La Santa Cecilia is an L.A. story

Before she morphed into the ruby-lipped, hip-shaking diva La Marisoul, Marisol Hernandez lived in alternate musical realities as an L.A. teenager.

She spent weekends among the tourist emporiums of Olvera Street, where her grandfather owned a shop, singing traditional Mexican boleros for spare change. Then, during the week, as a Hollywood High School student, Hernandez says, “I would dress in black, I was all about the Doors and the Beatles, and I was all dark. It was like two different lives.”

Those who’ve attended a Levitt Pavilion concert in MacArthur Park lately, or thrashed among the Dionysian throngs at the Mucho Mas musical bacchanals at La Cita, would quickly grasp that Hernandez ultimately united her creative personas. Now the torchy belter of misty-eyed rancheras coexists on-stage with the popster who lays down a charming, irony-free Spanish-language cover of “Strawberry Fields Forever.”


The same could be said of La Santa Cecilia, the ebullient sextet that La Marisoul fronts as lead singer, with her oversize gift for personal fashion statements and a voice that puts some listeners in mind of a bilingual, less angst-ridden Janis Joplin with its bluesy, lusty forthrightness.

Like any number of older-sibling L.A. bands of Chicano pedigree — Ollin, Quetzal, Quinto Sol — La Santa Cecilia crafts music that is both anchored by regional influences and well-traveled. In the trans-border world of contemporary rock and pop, mariachi trumpets joust with Stax-style horns, East L.A. tough guys weep over Morrissey’s despairing passion plays and digitally enhanced accordions lure dancers onto the floor as relentlessly as a disco beat.

La Santa Cecilia hails from that milieu, and after years of attracting passionate followers across California and the Southwest with its dance-ready aural montages of cumbia, funk, punk, samba, son jarocho and klezmer, the band seems eager to make the leap from hardworking subculture icons to headliner status.

Between Labor Day and mid-October, the band named for the patron saint of musicians — whose other members are guitarist Gloria Estrada, accordion and requinto player Jose “Pepe” Carlos, bassist Alex Bendaña, percussionist Miguel Ramirez and drummer Hugo Vargas — will play gigs at the Los Angeles County Museum of Art, the Fairmont Hotel in San Jose, the International Accordion Festival in San Antonio, and their first New York dates, at El Museo Del Barrio and Joe’s Pub.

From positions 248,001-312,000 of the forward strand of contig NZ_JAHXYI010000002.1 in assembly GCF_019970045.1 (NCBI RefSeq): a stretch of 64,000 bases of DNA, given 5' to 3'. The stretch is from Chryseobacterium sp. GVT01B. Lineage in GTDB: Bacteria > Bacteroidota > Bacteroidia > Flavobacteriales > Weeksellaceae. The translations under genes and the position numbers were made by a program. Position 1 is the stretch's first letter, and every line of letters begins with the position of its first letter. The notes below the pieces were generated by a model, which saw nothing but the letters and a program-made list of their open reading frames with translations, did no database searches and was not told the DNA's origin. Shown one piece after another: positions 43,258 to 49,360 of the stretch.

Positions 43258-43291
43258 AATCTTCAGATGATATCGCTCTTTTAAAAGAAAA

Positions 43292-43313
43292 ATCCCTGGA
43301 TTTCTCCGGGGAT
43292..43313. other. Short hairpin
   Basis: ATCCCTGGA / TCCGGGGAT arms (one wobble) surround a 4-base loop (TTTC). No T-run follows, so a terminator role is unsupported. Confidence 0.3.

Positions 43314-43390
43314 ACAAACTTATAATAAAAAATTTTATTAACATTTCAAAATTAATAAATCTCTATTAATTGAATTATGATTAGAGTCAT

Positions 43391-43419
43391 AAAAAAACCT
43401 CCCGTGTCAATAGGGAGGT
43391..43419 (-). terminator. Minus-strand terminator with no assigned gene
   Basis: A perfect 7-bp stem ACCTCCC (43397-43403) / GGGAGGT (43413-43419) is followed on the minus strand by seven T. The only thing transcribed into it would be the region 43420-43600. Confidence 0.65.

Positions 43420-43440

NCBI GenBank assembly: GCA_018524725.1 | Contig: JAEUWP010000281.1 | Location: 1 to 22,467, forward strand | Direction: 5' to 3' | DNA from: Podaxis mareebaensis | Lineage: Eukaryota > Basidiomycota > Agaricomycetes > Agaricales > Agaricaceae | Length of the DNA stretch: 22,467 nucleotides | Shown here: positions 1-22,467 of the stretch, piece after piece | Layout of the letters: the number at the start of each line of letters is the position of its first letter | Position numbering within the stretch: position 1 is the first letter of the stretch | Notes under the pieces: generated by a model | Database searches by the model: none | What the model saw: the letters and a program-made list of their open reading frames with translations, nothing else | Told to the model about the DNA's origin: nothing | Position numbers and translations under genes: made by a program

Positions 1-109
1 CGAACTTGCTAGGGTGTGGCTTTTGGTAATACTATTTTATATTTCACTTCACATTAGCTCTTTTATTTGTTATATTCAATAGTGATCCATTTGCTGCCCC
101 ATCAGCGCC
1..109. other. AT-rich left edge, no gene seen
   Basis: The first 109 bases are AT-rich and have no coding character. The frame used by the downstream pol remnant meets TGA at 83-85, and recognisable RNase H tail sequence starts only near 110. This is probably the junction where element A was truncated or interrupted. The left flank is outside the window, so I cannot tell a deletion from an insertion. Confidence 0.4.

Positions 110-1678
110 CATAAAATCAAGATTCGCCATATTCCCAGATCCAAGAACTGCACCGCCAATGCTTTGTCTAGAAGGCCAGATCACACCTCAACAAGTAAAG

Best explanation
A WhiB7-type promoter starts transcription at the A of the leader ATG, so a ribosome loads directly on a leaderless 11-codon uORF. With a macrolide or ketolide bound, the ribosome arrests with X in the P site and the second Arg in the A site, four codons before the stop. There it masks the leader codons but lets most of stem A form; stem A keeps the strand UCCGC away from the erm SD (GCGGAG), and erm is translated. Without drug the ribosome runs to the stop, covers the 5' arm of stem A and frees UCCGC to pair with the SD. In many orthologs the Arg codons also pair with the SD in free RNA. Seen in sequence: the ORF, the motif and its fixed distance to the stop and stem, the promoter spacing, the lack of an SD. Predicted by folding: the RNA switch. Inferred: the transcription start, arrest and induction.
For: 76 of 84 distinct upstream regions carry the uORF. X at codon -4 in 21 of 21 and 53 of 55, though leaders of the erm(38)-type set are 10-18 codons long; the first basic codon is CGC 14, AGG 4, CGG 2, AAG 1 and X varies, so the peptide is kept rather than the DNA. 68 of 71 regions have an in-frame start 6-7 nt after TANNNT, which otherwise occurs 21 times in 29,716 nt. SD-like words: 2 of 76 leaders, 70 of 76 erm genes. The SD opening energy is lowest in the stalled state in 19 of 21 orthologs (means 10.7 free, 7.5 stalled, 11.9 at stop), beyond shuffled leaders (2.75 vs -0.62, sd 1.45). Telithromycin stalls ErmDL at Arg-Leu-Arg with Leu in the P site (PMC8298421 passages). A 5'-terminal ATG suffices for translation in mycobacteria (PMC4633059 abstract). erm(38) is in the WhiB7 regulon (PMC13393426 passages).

The band’s Latin-alternative music has been gaining traction elsewhere. It has a recent EP to promote, and its bouncy-melancholic song “Chicle” turned up on an episode of the Showtime series “Weeds” and spun off a video that would win the MTV Cuteness Award, if such a thing existed, with children appearing as the band members’ doppelgangers.

La Santa Cecilia’s energy and authenticity have been earning props from previous-generation East L.A. and Boyle Heights bands who know how hard it can be to break out when you don’t fit the cookie-cutter templates of mainstream Latin radio. “They’re inspiring people, they really are,” says Scott Rodarte of Ollin, which has shared a concert bill with La Santa Cecilia. “With every show they’re getting stronger.”

The band came together through concentric friendships. Marisoul and Carlos met while playing on Olvera Street. Marisoul and Estrada then crossed paths through a percussionist mutual friend at a party and started “dating musically,” as Estrada puts it. Estrada had known Vargas and Bendaña during her student years at Pasadena City College and Cal State L.A.

As mostly native Southern Californians (Carlos was born in Oaxaca), the group’s members, all of whom are in their late 20s or early 30s, grew up thinking it was perfectly natural to hear and perform music in two languages, from mariachi to jazz.

Estrada remembers hearing musicians at Mariachi Plaza while growing up in Boyle Heights, as well as the neighborhood’s backyard parties. “I used to just go to backyard punk rock shows, in Boyle Heights, because they used to have them all the time and I couldn’t afford to go to a club,” she says. “Backyard gig, $3. Then the cops would come like an hour later.”

Ramirez fondly recalls childhood outings to Tijuana when his family would dine at traditional restaurants to the sounds of live musical trios. “Then when I was like 12 and 13 and my brother was like, ‘Hey, listen to this,’ and it was like Rush, Led Zeppelin and Santana, Bob Marley, and I was like stuck in the room listening to that all day,” he says.

“And at some point this all came together and they both started intermingling and formed our identity.”